That which is measured, is managed
The U.S. media is saturated with STEM (Science, Technology, Engineering and Mathematics) coverage, constantly focusing on the importance of education in science and mathematics - and parents, children and schools have responded. In fact, according to the National Assessment of Educational Progress' "Nation's Report Card," the average math score for 9-year-olds was 25 points higher in 2012 than in 1973, compared with only a 13 point increase during the same period for reading. Why should we care about this gap?
The link between reading and creativity
According to a recent study published in the journal of Learning and Individual Differences, children with well-developed reading skills were found to have enhanced creative abilities. Researchers found that higher reading scores were associated with higher scores in creativity. Reading is critical in developing balanced children who are creative and social as well as analytical, yet parents and educators alike are regularly bombarded by the media about U.S. scores in math and science versus other industrialized nations.
The case for more creative leaders
An IBM survey of more than 1,500 CEOs from 60 countries and 33 industries worldwide found that creativity was believed to be the most crucial factor for future success - more so than rigor, management discipline, or integrity. The results showed that IBM CEOs felt many of the challenges they are confronted with could be overcome by instilling creativity in an organization. When we hire at MeeGenius, we weigh creativity heavily in a sea of intelligent, analytical candidates. If our children are the future leaders of tomorrow, perhaps we need to consider the strong link between reading and creativity and why they are so important for building critical thinking and leadership skills.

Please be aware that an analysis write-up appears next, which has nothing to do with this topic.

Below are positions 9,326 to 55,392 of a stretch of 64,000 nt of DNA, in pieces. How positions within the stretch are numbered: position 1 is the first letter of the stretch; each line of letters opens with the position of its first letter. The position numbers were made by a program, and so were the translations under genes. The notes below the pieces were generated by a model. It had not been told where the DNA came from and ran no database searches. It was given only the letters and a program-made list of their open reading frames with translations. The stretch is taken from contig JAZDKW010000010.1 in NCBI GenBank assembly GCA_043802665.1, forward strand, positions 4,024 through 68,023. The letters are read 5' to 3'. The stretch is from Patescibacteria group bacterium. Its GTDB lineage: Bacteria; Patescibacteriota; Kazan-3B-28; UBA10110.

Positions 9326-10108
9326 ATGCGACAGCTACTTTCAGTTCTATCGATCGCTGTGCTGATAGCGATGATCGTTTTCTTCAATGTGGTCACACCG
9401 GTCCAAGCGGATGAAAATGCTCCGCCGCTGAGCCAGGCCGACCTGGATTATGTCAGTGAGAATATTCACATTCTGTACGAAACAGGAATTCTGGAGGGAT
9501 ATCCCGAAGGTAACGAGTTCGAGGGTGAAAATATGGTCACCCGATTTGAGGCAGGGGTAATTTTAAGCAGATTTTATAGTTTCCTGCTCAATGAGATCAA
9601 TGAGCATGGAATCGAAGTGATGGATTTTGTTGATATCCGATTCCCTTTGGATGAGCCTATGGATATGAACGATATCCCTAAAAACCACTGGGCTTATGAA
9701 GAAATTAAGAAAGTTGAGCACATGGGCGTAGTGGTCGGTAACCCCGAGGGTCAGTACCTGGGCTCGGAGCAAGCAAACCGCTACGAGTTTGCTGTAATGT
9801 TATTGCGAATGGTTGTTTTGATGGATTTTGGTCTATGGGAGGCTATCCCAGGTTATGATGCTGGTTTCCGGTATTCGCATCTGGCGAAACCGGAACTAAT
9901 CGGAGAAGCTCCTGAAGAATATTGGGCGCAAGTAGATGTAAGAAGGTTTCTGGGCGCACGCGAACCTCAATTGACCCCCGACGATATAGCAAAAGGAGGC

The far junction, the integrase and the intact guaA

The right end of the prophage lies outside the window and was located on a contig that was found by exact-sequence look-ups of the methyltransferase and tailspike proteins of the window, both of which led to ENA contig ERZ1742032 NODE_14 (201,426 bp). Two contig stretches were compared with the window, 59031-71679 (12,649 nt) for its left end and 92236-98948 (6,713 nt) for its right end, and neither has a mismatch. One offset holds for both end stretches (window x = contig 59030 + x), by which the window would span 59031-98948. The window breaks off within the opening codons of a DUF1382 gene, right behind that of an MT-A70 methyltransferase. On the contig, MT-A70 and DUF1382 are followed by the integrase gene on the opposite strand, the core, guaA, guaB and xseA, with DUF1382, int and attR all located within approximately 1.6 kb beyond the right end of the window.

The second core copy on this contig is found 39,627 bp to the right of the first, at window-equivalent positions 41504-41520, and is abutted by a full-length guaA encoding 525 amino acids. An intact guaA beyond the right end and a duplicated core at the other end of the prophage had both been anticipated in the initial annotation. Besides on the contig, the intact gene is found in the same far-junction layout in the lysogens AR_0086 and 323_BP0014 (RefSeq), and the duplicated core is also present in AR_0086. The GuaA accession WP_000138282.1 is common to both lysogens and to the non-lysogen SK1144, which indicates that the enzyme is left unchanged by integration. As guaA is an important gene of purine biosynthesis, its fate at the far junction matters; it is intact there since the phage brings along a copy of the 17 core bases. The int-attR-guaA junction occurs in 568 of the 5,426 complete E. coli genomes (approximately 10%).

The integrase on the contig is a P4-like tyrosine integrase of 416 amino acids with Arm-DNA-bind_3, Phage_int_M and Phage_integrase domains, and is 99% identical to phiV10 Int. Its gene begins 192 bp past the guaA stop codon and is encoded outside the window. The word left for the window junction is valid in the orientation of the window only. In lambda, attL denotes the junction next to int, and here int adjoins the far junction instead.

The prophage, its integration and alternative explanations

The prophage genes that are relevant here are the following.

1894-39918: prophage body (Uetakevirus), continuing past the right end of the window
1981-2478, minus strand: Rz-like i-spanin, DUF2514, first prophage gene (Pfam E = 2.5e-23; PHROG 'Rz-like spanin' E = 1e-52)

So, how do we get there?
Experts agree - reading gaps that exist before kindergarten are very difficult to overcome in later years, which is why it's imperative that we start early. Sean F. Reardon, a professor of education and sociology at Stanford, found that there is a large disparity in school readiness tests among children from wealthy and poor families when they enter kindergarten, and this gap grows by less than 10 percent during school years. He also notes there is evidence achievement gaps narrow during the school year, and then grow again during the summer. So how can we help combat the inadequacy of early childhood readiness?
The answer will be driven by technology. Even in other categories this is true. If we look at Math, for example, technologies like Khan Academy, which offers free 24/7 tutoring online, exist to help develop our children's skills further. In my home, we see reading as part of the daily routine, like bathing. Try to make reading a habit and not a chore.
When I ask my friends about books, we can all agree that we each have a library of them sitting in our child's bedroom (I, too, like the feeling of having a hard copy in my hands), but when I'm not at home, my iPad serves as a reading partner that can articulate new words and open new doors for my children. Our product research, conducted by an outside digital agency, found technology can be a great complement to parental reading. Word highlighting and read-to-me narration allows young children to focus on the words, rather than the illustrations. The research also found books are read 37% faster by a caregiver versus a professionally narrated book on MeeGenius. We hear so much negativity regarding children's screen time, but this research showed technology slows down the reading process.
As cliché as it sounds, change doesn't happen overnight. To Parents: I urge you to start reading early and often. Make the most out of the devices you already have. To Media: the next time you write about STEM or the 13-year old mathematician, think about making your next story about a reading prodigy who's changing the world. To educators: Discuss with parents the importance of reading with children outside of the classroom.